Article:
While it may not be popular opinion, TransLink also has an incredibly strong record of delivering new service on time and on budget. Between 1999 and 2010 we saw billions of dollars invested in expanding the system. These investments have been delivered on budget and have led to an unprecedented 55 per cent increase in transit ridership.

We need to continue investing to maintain Metro Vancouver’s enviable reputation as a world-class place to live, work, and do business.


President and CEO, the Vancouver Board of Trade; co-chair, Better Transit and Transportation Coalition

There are well run transit systems and poorly run ones. They are publicly funded, as are roads and sewage systems and other infrastructure systems. Taxes pay for infrastructure. It doesn’t matter how the tax is collected. It can be used wisely or wasted. Brady Yauch’s article suggesting otherwise is so ludicrous I had to suspect this was another snow job funded by oil or the auto industry.

Yauch’s organization is part of Energy Probe. This is what Wikipedia says about the group: “Energy Probe is a non-governmental environmental policy organization based in Toronto and best known for its role in opposing nuclear power and as a subsidized free-market lobbyist for fossil fuels and well known Canadian proponent of climate change denial.”

This information should be useful to Sun readers.



The photo accompanying Brady Yauch’s article shows Miami traffic in highway gridlock — and each vehicle holds a single occupant. Congestion will remain until rush hour vehicles are limited to two occupants or more.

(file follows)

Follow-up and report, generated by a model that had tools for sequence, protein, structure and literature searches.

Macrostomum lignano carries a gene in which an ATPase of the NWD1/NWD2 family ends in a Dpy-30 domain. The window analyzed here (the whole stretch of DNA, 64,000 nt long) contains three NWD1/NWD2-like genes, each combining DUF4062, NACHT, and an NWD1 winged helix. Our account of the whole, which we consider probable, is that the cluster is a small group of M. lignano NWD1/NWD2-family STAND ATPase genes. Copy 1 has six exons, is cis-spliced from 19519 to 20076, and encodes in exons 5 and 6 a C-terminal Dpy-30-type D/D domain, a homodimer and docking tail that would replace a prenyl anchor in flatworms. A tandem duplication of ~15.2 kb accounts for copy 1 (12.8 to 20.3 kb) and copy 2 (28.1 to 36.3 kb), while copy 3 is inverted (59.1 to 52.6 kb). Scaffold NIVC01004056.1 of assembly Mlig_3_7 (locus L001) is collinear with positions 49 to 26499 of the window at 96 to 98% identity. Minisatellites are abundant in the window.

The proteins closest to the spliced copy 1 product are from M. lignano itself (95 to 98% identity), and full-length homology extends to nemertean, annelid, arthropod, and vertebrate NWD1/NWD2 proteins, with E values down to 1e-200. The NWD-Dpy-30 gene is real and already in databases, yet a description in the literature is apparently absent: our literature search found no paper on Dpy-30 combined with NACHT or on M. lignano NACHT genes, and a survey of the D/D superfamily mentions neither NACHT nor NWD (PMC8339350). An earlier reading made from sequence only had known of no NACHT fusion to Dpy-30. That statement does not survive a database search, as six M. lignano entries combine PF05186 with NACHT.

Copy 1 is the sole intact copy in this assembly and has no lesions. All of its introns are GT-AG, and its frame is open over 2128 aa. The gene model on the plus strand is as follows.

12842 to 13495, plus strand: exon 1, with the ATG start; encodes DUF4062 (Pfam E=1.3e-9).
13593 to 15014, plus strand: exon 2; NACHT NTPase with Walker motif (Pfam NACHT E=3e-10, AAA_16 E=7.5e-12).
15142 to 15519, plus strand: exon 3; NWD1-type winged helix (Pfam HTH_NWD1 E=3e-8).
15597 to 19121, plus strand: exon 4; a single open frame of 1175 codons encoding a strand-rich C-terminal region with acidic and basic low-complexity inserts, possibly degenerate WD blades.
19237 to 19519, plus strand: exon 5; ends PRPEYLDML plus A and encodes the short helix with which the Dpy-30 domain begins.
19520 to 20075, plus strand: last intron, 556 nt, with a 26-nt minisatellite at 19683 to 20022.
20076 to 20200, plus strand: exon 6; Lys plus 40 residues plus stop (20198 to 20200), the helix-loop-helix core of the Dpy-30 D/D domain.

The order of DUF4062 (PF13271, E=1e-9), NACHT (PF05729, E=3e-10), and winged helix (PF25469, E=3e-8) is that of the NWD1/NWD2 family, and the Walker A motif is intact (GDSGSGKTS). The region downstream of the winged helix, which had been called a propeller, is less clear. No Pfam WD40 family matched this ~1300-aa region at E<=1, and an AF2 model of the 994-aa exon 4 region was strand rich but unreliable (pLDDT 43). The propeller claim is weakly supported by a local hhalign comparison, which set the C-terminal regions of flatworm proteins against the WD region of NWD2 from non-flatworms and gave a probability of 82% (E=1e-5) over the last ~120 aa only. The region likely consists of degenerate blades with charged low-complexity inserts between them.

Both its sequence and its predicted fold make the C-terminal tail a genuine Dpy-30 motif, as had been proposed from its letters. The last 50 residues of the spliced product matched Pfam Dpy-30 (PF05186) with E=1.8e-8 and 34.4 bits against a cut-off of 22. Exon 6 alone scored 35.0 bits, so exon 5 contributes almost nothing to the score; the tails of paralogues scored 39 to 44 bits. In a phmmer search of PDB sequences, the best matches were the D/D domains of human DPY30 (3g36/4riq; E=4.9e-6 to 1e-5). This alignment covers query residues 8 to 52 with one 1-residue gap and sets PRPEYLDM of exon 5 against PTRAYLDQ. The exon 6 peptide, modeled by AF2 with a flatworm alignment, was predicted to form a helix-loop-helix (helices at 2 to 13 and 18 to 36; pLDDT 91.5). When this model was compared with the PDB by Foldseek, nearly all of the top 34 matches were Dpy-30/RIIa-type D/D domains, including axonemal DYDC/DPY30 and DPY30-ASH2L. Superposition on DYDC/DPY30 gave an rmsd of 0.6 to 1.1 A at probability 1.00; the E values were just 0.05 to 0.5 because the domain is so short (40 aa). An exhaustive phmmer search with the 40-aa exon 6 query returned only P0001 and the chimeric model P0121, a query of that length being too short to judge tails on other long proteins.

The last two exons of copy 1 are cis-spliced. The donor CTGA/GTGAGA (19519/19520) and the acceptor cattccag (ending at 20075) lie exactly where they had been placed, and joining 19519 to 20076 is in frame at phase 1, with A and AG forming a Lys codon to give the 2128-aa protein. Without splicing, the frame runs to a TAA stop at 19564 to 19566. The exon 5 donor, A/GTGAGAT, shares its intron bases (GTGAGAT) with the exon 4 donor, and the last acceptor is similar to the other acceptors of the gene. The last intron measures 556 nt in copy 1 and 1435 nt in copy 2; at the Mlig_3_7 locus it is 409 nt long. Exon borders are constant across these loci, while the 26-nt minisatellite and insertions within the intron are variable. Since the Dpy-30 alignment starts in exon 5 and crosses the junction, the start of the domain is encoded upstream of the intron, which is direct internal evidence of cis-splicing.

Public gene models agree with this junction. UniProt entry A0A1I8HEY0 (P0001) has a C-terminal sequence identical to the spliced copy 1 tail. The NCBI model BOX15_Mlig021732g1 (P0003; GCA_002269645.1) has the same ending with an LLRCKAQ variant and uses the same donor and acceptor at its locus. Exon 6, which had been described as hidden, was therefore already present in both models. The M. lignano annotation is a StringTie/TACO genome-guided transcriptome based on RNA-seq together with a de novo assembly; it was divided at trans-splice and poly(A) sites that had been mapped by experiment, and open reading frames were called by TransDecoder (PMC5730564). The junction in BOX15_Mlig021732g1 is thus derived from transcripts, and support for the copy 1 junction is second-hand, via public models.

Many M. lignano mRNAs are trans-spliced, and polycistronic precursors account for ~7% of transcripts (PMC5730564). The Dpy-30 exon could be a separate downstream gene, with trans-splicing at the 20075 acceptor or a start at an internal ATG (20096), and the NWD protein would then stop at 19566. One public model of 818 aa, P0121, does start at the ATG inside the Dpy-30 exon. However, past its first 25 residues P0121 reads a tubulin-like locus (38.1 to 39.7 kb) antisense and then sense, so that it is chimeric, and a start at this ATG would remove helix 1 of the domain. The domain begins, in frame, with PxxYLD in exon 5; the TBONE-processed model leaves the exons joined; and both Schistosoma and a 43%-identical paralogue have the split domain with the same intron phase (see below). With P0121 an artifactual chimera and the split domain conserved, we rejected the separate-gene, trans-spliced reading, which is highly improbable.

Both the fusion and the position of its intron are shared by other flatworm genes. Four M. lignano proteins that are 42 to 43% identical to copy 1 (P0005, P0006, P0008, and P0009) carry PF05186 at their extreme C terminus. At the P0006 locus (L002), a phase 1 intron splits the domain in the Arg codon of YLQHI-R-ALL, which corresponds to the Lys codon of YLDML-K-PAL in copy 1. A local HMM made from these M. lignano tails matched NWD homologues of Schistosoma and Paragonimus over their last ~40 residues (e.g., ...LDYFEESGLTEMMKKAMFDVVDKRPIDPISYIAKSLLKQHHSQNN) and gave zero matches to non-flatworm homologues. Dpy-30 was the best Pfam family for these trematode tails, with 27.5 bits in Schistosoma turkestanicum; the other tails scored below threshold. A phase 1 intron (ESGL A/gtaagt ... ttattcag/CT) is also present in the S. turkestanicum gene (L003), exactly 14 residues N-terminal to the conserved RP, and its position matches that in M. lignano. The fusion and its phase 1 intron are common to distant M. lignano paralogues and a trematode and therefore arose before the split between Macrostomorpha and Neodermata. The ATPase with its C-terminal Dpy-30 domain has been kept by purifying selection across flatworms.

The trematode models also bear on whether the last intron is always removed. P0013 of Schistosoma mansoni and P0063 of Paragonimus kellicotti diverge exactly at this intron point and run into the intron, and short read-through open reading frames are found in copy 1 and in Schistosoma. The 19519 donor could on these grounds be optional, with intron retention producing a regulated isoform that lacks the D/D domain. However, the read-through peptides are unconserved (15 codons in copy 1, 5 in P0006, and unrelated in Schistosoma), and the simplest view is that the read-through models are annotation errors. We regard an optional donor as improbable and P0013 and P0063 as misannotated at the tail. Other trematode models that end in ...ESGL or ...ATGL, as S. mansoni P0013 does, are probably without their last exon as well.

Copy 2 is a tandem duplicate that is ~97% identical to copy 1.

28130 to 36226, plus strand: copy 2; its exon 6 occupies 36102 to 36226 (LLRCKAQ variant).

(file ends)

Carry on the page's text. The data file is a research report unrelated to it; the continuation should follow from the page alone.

Re: Anti-transit piece slammed, Letters, April 16

Iain Black references the San Francisco Bay Area, L.A. County and Puget Sound as cities that Vancouver should look to as positive examples for its sales tax referendum. Yet, L.A. and San Francisco have both experienced a decline in recent years in the percentage of commuters using transit to get to work, while Seattle’s figure has remained flat. He also highlights TransLink’s “incredibly strong record of delivering new service on time and on budget”, but fails to mention the cost overruns and delays associated with the rollout of its electronic fare card system.

Doug Simpson mentions that I work for Energy Probe and that we are “funded by oil or the auto industry.” Our organization has never accepted any such funding. While some of my co-workers have taken controversial views, our overall philosophy is that the true costs of all forms of energy and transit should be present to consumers and that subsidies lead to waste and over-consumption. I currently walk or ride my bike to work and support a congestion charge and tolls on roads, which would both be far more effective in taming congestion.


Executive Director, Consumer Policy Institute (an affiliate of Energy Probe)